What makes a basement apartment legal in Toronto?
Buying and owning a freehold home in Toronto is downright expensive. And prices continue to climb, making it more and more expensive to get into the real estate market in Toronto. That's the reason why many residents are choosing to rent, because coming up with the money to buy a home can be pretty tough.
But what if you not only owned your home, but became a landlord too? Instead of being a tenant yourself, why not open up your home to tenants? That way you can take advantage of passive income, allowing the rent you collect to help pay down your mortgage and contribute to your carrying costs!
The most logical way to rent out part of your home would be to rent out the basement. But what if your home doesn't already have a finished basement apartment? Or what if it does, but it's not exactly up to code? What are the legalities surrounding basement apartments and how can you create one that's suitable to be rented out?
Creating a Basement Apartment in Your Home
The city of Toronto allows second suites in all detached and semi-detached homes for owners to collect rent. But these suites are subject to many by-laws and rules that landlords must follow.
By definition, a second suite a self-contained unit that must meet specific zoning, occupancy, fire, health and safety, and electrical standards before it's considered a legal apartment."
To make sure your basement apartment is legal, there are a number of things you will need to do. For starters, it's important that you apply for a building permit with the city and make sure that all inspections are passed and in compliance with building codes. Then, you will be obligated to comply with all zoning by-laws.
All safety codes will need to be met by an inspection from the Electrical Safety Authority. Things such as grounded electrical plugs, GFCI bathroom plugs, and main electrical service will be inspected to make sure they are all in good operating condition. Fire safety standards such as installed and working smoke alarms, appropriate fire separation between units, and adequate means of "egress" (escape) will also need to be met.
When building a basement apartment in your home, there are several requirements that need to be met, including the following:
- The property must be a minimum of 5 years old;
- The property must be either detached or semi-detached (some exceptions can be made for townhouses);
- No significant alterations can be made to the exterior of the home;
- The apartment needs to be smaller than the rest of the home;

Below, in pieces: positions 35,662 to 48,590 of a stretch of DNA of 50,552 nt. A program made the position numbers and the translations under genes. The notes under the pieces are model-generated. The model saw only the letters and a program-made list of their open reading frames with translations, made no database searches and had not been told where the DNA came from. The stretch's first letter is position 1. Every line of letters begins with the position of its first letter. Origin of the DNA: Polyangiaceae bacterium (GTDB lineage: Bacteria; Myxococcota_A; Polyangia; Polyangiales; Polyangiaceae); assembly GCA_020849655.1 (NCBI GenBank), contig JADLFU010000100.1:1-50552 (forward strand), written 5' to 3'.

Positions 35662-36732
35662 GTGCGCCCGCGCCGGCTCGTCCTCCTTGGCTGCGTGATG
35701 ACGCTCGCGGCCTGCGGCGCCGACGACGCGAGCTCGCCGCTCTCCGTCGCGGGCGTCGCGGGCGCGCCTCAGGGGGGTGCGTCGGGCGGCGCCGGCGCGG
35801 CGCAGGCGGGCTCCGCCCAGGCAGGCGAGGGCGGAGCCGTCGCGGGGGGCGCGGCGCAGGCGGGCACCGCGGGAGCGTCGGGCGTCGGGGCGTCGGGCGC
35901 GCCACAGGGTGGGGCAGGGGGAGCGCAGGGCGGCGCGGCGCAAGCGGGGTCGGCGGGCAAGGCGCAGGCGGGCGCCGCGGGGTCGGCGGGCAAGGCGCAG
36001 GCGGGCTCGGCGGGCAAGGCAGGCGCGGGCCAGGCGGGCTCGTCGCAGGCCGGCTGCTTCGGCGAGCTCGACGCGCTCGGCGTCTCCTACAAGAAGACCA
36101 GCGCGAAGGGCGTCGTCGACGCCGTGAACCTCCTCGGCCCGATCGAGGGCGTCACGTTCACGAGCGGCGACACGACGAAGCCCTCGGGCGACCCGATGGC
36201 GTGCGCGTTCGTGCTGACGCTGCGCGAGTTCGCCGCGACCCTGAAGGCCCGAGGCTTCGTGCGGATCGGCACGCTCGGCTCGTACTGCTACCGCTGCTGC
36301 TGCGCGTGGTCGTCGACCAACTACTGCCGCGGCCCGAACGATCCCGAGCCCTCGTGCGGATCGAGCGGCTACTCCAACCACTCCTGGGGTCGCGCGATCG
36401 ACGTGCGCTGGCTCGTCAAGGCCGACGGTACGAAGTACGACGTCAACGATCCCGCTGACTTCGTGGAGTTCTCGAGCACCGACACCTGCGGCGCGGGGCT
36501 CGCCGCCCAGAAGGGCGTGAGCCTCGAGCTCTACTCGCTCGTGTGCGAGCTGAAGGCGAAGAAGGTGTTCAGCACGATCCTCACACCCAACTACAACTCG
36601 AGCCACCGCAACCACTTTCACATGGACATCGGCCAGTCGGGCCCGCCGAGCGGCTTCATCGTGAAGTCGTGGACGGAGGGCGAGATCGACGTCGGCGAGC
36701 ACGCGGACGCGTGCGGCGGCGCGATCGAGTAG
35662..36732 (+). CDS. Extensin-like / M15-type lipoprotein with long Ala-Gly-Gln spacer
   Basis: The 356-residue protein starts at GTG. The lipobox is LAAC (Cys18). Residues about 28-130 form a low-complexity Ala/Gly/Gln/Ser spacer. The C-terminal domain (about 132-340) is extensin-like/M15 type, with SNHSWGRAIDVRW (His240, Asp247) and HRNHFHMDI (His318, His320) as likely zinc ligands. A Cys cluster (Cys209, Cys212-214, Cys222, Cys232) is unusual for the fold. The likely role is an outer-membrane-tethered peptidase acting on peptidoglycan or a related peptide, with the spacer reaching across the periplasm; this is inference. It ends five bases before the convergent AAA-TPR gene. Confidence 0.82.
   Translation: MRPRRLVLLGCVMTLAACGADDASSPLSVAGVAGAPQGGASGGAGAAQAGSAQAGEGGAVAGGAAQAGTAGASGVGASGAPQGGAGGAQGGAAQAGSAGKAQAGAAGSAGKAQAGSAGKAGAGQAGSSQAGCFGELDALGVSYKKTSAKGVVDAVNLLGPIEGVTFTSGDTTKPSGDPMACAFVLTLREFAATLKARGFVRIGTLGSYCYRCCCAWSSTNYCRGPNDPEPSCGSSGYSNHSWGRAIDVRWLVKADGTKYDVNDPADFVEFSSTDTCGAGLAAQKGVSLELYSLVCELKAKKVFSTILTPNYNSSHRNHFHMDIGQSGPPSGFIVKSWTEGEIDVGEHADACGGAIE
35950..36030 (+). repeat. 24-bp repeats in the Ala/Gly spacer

- The unit must be self-contained and have its own separate entrance, kitchen, and bathroom;
- Parking requirements must be met;
- The ceiling height must be at least 6'5";
- The ceiling must be continuous throughout the unit;
- Bathrooms must have either a window or fan.
Considering all the rules that must be adhered to, it makes sense to obtain a building permit to help ensure that the construction of the suite meets all criteria to be deemed legal. If not, you could be in a precarious legal and financial situation.
Buying a Home With a Basement Suite
There are many homes on the market that advertise basement suites and are targeted to those who are looking for extra income in the form of rent. But it's crucial to ensure that the basement apartment is legal before you agree to purchase the home.
Many sellers of homes such as these may have wording in their listings along the lines of "Seller and Agent do not warrant retrofit of basement apartment." This means that they do not promise that any part of the basement apartment is legal. In fact, it's estimated that the MAJORITY of basement suites are not legal in the city of Toronto. In this case, it's up to the buyer to determine whether or not to move forward with using the apartment as a rental unit.
Failure to ensure that the suite is legal before renting it out can cost you. Your tenant, a neighbour, or anyone else can put in a request to have the city inspect the unit to make sure it's up to par. If it isn't, you may be required to spend the money to upgrade the suite or even convert your home back to a single-family house.
You may also find yourself struggling to get your property insured. Insurance providers need to know exactly what's happening in a home, including the presence or condition of a basement suite.
Perhaps the worst case scenario is if there is an injury in the basement suite as a result of an electrical hazard or fire. If the reason for such an incident is because the unit did not meet building standards, you could be sued.
Before you agree to buy a home with a basement suite, be sure to have it inspected to verify whether or not it is legal. If it is, great. If not, you need to weigh the pros and cons of having this basement apartment.
Whatever choice you make, be sure to work with a seasoned real estate team that understands all the ins and outs of the legalities and requirements for basement apartments.
Here is a LINK to the city's guide to basement apartments.